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Kris ASAP photo
Kristopher Green interned at Asphalt Green in New York City.  —Photo courtesy of ExpandED Schools

Strategies to develop a high-quality apprenticeship experience for high school youth

The After School Apprenticeship Program (ASAP) is a promising after-school strategy that engages teens in experiences that excite them, connects them with career experts, and builds real world skills that prepare them for college and careers.

Info The goals of ASAP are to:

1. Demonstrate an after-school model for high school students that is scalable and aligned with other high school models.

2. Provide high school students with out-of-school-time experiences that keep them engaged and motivate them to stay in school.

3. Provide high school students with out-of-school-time experiences that cultivate their interest in and prepare them for college and careers.

Using the After School Matters (ASM) apprenticeship model, ASAP was developed by ExpandED Schools (formerly TASC), Boston After School & Beyond and the Providence After School Alliance, in partnership with the Collaborative for Building After-School Systems (CBASS) and with technical support from ASM. Recognizing that high school students vote with their feet and therefore require different strategies, activities and supports than elementary and middle school students, CBASS looked to After School Matters, the nation’s largest and most demonstrably successful apprenticeship program for teens, to inform the development of the ASAP multi-city demonstration project. ASAP was piloted with 40 participants in spring 2008 by ExpandED Schools (formerly TASC), in partnership with two community based organizations, and in 2009, ASAP expanded within New York, added initiatives in Boston and Providence, and with 15 community partners reached more than 220 youth in sports and arts disciplines.

Launched in 2008, ASAP offers teens stipended eight-week apprenticeships where they learn a craft alongside a master practitioner, followed by six-week paid summer internships where students apply the skills that they have acquired working with younger kids as coaches, umpires, lifeguards and arts instructors. ASAP goes beyond job placement to provide teens with leadership training, exposure to careers, and introduces the next generation of leaders to the education and youth development fields.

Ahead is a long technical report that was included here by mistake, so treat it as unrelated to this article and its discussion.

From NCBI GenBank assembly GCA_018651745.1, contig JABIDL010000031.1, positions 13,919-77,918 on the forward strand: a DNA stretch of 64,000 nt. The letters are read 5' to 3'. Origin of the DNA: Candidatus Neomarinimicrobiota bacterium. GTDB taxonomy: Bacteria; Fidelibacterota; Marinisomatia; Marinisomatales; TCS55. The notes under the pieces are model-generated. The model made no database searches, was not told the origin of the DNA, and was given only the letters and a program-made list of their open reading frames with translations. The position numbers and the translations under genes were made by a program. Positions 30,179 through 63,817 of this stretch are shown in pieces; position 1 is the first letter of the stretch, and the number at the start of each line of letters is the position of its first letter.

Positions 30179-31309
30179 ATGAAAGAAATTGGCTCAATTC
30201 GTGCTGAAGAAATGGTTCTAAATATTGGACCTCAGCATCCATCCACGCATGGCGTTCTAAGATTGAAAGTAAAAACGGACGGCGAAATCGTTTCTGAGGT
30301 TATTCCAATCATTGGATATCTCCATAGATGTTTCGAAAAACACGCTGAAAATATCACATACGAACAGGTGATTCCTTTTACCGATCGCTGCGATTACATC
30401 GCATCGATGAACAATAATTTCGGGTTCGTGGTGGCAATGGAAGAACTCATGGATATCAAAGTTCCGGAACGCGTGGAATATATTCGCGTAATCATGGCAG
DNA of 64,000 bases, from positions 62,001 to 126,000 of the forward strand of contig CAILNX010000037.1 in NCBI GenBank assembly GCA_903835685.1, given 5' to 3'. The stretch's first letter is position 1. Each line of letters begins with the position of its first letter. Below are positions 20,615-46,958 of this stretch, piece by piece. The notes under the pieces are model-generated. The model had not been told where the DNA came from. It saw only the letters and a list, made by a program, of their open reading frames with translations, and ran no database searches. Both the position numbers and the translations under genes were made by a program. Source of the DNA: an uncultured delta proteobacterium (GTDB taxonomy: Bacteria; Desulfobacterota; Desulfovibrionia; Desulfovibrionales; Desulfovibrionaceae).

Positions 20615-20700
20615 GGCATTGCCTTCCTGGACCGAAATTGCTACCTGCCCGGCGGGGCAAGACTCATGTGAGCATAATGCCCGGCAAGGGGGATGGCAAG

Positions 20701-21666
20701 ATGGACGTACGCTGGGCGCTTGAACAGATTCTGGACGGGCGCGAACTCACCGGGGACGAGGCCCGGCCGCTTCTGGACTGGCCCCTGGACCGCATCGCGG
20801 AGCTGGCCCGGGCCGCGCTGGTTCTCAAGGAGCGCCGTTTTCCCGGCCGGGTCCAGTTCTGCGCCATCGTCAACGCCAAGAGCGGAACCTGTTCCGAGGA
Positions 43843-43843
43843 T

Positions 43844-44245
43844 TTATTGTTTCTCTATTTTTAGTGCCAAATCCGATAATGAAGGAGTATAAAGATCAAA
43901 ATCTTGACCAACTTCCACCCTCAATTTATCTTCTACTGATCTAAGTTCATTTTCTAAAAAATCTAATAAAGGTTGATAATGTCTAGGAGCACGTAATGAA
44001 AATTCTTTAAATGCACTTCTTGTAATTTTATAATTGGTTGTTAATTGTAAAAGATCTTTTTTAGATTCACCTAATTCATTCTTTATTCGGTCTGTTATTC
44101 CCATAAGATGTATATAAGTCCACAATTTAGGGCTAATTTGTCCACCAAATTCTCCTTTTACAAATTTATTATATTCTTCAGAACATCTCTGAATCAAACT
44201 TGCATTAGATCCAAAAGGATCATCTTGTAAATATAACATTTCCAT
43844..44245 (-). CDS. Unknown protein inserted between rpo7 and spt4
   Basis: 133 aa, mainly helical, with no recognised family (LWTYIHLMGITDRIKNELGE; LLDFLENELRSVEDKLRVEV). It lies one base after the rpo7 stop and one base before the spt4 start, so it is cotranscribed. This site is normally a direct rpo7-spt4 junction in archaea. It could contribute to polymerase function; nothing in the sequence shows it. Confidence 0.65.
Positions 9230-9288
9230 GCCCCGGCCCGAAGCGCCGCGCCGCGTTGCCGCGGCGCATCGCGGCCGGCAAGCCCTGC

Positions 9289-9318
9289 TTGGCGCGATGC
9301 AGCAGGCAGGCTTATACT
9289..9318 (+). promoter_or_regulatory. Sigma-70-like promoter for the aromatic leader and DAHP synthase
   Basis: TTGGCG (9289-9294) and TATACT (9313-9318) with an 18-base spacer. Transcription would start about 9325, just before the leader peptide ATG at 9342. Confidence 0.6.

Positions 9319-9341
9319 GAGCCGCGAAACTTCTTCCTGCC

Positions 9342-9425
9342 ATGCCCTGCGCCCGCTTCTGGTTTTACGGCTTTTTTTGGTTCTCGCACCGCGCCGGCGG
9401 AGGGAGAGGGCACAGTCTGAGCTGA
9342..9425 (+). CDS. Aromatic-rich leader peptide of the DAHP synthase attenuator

While it is often difficult to identify quality after-school models for high school youth, we believe that the ASAP initiative is successful in engaging teens and can be easily adapted to other localities. The following results from our three city pilot demonstrate that an apprenticeship strategy not only appeals to teens, but also, has great promise and potential for scalability:

  • ASAP generated high demand, with more than twice as many applicants as available slots.
  • ASAP, with an 89% attendance rate, achieved higher attendance rates than other after-school programs serving similar students.
  • ASAP led to future employment opportunities for participants, with one third of youth receiving offers for continuing employment with community partners and apprenticeships in lifeguarding and baseball umpiring leading to official certification.
  • Staff viewed the program as a success and believed that the extensive training their apprentices received helped prepare them for the summer internship and improved their communication, job readiness and leadership skills.
  • Two-thirds of the participants considered ASAP as a positive turning point in their life and 72% of participants said they would participate in ASAP again.
  • Initiatives collectively leveraged over $300,000 in public and private funds from the Pinkerton Foundation, New York Times Neediest Cases Fund, RCN-BecoCom, Inc. and summer workforce development grants to support the ASAP program.
  • Programs can achieve a replicable ASAP model of less than $4,000 per student, and can tap into existing funding streams.
  • Core elements can be maintained while customizing the model for adaptation in new communities.

We are eager to learn more about jurisdictions that are developing similar apprenticeship programs, and our partners are available to provide targeted technical assistance to support adaptation of the model. If you would like additional information, please contact Emily Morgan, National Policy Coordinator, CBASS, at emorgan [at] or (646) 943-8737.


You can download a toolkit featuring implementation tools and key lessons learned from the ASAP initiative here.


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